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writing inspiration

Writing Techniques to Set You on the Right Track

Writing Techniques to Set You on the Right Track - Beth Rodgers

Written by Beth Rodgers

I’ve always wanted to be a writer.  So, I’ve picked up some book writing techniques over the years that I have always used to my benefit, and I hope to help you use for your own benefit.

Even as a little girl in elementary school, I wrote journal entries describing the desire I had to be an author.  Journal entries are especially helpful for those writers who are lost in their own writer’s block and need more techniques to get them out of it.

The main issue that I encounter in my own writing is introductions.  I most always end up pleased with my choice of title or opening paragraph, but they give me more trouble than they’re worth.  So, I sometimes come up with or search for story starters and poem starters as a means of helping me think of beginnings.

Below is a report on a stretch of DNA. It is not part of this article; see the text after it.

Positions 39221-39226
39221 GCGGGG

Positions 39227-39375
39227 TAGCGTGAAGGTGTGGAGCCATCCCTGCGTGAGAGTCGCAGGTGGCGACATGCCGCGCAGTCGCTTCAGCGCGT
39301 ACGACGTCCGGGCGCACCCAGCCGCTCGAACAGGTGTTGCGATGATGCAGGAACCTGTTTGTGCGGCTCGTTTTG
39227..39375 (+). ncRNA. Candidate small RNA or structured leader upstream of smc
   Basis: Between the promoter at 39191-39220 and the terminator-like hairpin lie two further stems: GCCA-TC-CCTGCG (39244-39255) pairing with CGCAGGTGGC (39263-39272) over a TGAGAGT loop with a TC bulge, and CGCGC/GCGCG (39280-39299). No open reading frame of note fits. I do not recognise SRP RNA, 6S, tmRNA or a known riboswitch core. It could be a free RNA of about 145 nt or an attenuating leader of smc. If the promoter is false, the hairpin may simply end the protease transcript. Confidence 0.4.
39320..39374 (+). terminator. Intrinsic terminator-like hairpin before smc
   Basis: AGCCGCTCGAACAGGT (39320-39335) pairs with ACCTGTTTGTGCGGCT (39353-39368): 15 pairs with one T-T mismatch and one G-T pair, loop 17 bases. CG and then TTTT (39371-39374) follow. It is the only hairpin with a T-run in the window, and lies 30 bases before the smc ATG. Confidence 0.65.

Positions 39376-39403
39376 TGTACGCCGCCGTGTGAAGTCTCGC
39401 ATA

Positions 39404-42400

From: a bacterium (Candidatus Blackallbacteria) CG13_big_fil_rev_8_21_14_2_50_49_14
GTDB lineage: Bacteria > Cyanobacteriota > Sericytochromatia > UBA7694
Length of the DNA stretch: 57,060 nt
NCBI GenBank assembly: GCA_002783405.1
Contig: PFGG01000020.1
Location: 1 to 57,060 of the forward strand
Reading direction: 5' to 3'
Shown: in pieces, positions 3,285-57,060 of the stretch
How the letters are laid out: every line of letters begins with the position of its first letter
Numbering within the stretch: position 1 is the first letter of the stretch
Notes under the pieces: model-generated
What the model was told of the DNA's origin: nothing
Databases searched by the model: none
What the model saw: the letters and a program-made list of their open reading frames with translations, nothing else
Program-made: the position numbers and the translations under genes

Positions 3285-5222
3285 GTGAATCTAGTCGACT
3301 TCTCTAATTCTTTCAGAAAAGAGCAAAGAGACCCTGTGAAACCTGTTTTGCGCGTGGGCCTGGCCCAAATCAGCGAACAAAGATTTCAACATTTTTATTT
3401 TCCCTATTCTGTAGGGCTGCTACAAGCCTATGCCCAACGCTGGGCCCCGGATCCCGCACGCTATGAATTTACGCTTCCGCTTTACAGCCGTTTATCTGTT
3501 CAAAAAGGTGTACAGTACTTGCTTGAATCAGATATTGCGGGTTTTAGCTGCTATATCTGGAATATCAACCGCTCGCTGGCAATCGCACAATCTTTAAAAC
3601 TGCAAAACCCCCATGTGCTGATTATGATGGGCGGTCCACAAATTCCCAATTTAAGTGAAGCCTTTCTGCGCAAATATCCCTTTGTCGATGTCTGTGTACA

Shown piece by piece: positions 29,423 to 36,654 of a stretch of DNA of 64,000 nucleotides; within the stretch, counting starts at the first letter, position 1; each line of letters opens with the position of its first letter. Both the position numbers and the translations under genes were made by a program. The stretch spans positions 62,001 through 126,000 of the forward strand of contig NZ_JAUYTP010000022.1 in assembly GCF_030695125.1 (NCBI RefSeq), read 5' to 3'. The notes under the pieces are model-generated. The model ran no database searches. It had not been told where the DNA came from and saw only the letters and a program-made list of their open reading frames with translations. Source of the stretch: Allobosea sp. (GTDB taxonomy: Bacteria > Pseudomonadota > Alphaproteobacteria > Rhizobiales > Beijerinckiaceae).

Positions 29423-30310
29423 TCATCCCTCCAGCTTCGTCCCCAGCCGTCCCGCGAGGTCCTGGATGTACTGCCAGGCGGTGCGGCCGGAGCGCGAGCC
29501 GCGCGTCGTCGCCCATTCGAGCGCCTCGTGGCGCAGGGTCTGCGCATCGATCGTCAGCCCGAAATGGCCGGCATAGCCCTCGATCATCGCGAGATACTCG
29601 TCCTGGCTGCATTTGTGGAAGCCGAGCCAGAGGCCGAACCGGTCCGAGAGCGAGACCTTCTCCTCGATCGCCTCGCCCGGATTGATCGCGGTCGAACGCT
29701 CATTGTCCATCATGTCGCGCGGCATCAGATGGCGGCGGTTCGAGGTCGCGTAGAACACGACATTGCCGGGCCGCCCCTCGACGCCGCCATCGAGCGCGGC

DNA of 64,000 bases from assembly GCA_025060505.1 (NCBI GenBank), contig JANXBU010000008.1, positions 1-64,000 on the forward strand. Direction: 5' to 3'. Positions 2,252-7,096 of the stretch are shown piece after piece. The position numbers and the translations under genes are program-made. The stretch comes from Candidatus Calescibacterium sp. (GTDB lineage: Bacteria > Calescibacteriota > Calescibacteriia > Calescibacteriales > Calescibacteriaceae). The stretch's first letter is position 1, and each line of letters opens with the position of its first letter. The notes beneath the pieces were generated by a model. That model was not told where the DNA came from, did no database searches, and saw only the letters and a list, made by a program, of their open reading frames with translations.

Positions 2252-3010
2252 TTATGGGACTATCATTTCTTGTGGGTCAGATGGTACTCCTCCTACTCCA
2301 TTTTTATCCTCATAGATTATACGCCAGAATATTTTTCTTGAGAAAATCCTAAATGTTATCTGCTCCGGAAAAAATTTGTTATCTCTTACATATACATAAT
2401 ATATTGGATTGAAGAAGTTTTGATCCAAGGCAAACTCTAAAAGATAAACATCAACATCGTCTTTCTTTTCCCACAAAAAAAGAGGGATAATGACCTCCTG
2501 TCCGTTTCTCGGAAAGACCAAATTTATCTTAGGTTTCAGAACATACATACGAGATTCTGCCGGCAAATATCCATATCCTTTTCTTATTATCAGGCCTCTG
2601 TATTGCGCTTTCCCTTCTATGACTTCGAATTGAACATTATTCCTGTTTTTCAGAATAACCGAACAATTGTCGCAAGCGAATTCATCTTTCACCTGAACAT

When I was in middle school and early high school, I was in love with the idea of learning how to write a story (I still am!).  I had fun.  Writing wasn’t a chore; it was a pleasure.  I loved learning how to write a story, an anecdote, and other styles that teachers would provide.  It was also enjoyable to increase my knowledge of literary terms, including learning to define words like “anachronism” and consider how to use those devices within my writing.  It is because of these early experiences that I feel I have garnered some expertise in the matter of book writing.  

When eighth grade rolled around, I parodied the pop culture phenomenon that was Beverly Hills, 90210 and wrote my own version: Lathrup Village, 48076.  

Your writing does not have to be yours to be inspired by you.  You make it what it is.  Find ways to pull the most useful items you have and use them to structure your own writing.